The Call Up review

Unsuspecting gamers play a deadly multiplayer shooter in the Brit sci-fi offering, The Call Up. Ryan takes a look...

Philip K Dick once wrote that reality is that which, when you stop believing in it, refuses to go away. In The Call Up, a bunch of online shooter fanatics get caught in a virtual reality game that, even when they no longer want to play it, won’t be turned off.

This is the first feature from writer-director Charles Barker, and, just in time for VR technology’s (apparent) second wind, The Call Up wades into the topic of gaming and the warping of reality. That is: what happens when a videogame becomes a little too realistic for comfort?

Set in an apparently deserted office block in New York, The Call Up sees a disparate group of strangers take part in a competition with an enticing star prize ($100,000) but rather fuzzily defined rules. It’s only once the doors have locked on an eerily white, lab-like room that the game gradually reveals itself. Each member of the group is clad in an embarrassingly tight lycra get-up akin to a mo-cap suit, before being cajoled into wearing a white plastic jacket and matching helmet by an alarmingly robotic voice over a public address system.

The jacket and helmet, we soon learn, is part of a state-of-the-art form of virtual reality hardware which turns the empty office block into a multi-storey battle zone. When viewed through the filter of the VR helmet, the white walls become the filthy grey, bombed-out confines of a Gears Of War or Call Of Duty-type shooter. The difference here is that firing a pistol or a machine gun feels completely real – so real that even the elite gamers among the group are thrown through a loop, and it takes ex-soldier (Parker Sawyer) to provide a bit of on-the-spot weapons training to the rest of the ensemble cast, which also includes Max Deacon (Into The Storm), Morfydd Clark (The Falling) and Ali Cook (The Anomaly).

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It’s when the first wave of goons come dashing through a gun-metal door that the group realises the game’s stakes: getting shot not only hurts, but is potentially fatal. Those white suits are armed with a device that administers a deadly shock to a player when they’re iced inside the game. Sure, there are medi-packs and bullet-proof vests, but once those are gone, that’s it – it’s a one-hit-kill situation. Armed with this news, the group is given an ultimatum: get from the building’s 25th floor to ground level or die violently in the attempt.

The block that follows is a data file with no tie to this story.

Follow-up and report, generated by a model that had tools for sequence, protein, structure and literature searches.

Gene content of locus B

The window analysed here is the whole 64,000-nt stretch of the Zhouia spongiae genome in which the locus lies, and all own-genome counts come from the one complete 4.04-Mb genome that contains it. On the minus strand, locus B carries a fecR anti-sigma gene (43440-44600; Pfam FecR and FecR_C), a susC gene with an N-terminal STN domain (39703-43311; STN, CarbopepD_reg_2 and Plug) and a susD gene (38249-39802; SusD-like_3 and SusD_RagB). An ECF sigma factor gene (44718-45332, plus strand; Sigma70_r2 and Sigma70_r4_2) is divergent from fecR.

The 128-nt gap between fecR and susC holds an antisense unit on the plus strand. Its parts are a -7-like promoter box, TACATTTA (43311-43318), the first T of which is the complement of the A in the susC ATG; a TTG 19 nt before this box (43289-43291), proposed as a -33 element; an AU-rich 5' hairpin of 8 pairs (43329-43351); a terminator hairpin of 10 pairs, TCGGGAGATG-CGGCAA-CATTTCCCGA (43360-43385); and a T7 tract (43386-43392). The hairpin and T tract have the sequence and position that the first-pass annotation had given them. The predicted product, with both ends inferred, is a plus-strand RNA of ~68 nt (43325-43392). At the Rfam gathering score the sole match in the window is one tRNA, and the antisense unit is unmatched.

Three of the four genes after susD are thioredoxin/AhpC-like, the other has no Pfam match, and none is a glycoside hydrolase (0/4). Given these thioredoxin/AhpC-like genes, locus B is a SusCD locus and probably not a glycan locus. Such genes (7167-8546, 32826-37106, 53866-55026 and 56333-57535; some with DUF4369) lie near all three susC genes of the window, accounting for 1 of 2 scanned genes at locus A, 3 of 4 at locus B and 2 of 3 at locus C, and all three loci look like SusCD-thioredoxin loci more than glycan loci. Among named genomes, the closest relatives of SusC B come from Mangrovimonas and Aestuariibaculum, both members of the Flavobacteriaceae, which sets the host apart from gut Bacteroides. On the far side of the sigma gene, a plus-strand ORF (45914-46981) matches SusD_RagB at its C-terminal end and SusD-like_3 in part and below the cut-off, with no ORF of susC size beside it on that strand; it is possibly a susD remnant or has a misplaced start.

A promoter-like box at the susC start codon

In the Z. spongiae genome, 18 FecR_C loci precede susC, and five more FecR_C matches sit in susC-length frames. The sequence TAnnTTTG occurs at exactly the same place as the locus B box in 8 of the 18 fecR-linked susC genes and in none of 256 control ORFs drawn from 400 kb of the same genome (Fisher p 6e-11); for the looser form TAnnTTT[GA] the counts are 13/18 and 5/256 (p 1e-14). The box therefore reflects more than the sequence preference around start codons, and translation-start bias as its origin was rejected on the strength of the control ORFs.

The Call Up is an unexpected return to a wave of half-forgotten thrillers from the 1990s, from The Lawnmower Man to the ultra low-budget, direct-to-video offering, Arcade. All of those films showed people tangling with VR and suffering horribly for their troubles; few of them satisfyingly explored the Phildickean, mind-warping implications of this new technology. If VR was indistinguishable or more intoxicating than reality, what then? The notable exception was David Cronenberg’s eXistenZ, which explored both the seductive and disquieting sides of an all-encompassing game.

At first, it looks as though The Call Up might follow eXistenZ’s lead. While its production values are visibly low on occasion, and the acting seldom rises above the passable, Charles Barker effectively sets up the rules of his game; the sense of panic as the group realises that they’re in the midst of a deadly shooter with no pause button and no hack for infinite energy. But then the story switches gear, and reveals itself as a disappointingly familiar slasher film with added guns and ammo. The central characters rapidly fall into bland personality types who die in a sequence that is all too easy to predict.

There are still some interesting ideas dotted around here and there – particularly a moral dilemma involving a password and a hostage – but Barker seems to have little time or interest in exploring them further. Even the notion of seeing two worlds simultaneously is toyed with but never quite followed to any kind of conclusion. Having a game continue to run even when you’ve lifted the visor on your helmet – so you can hear and feel your enemy, but can’t see them – is a plot point that could have been explored for far more suspense than we actually get.

Even if the current wave of VR doesn’t take off as its manufacturers hope, then there’ll almost certainly come a time when games take on an enveloping level of realism. Science fiction is the kind of genre that was invented to play with the philosophical implications of this kind of future tech. The Call Up builds up an interesting scenario, but sadly fritters it away on the cinematic equivalent of an on-rails shooter.

The Call Up is out in UK cinemas on the 20th May.

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2 out of 5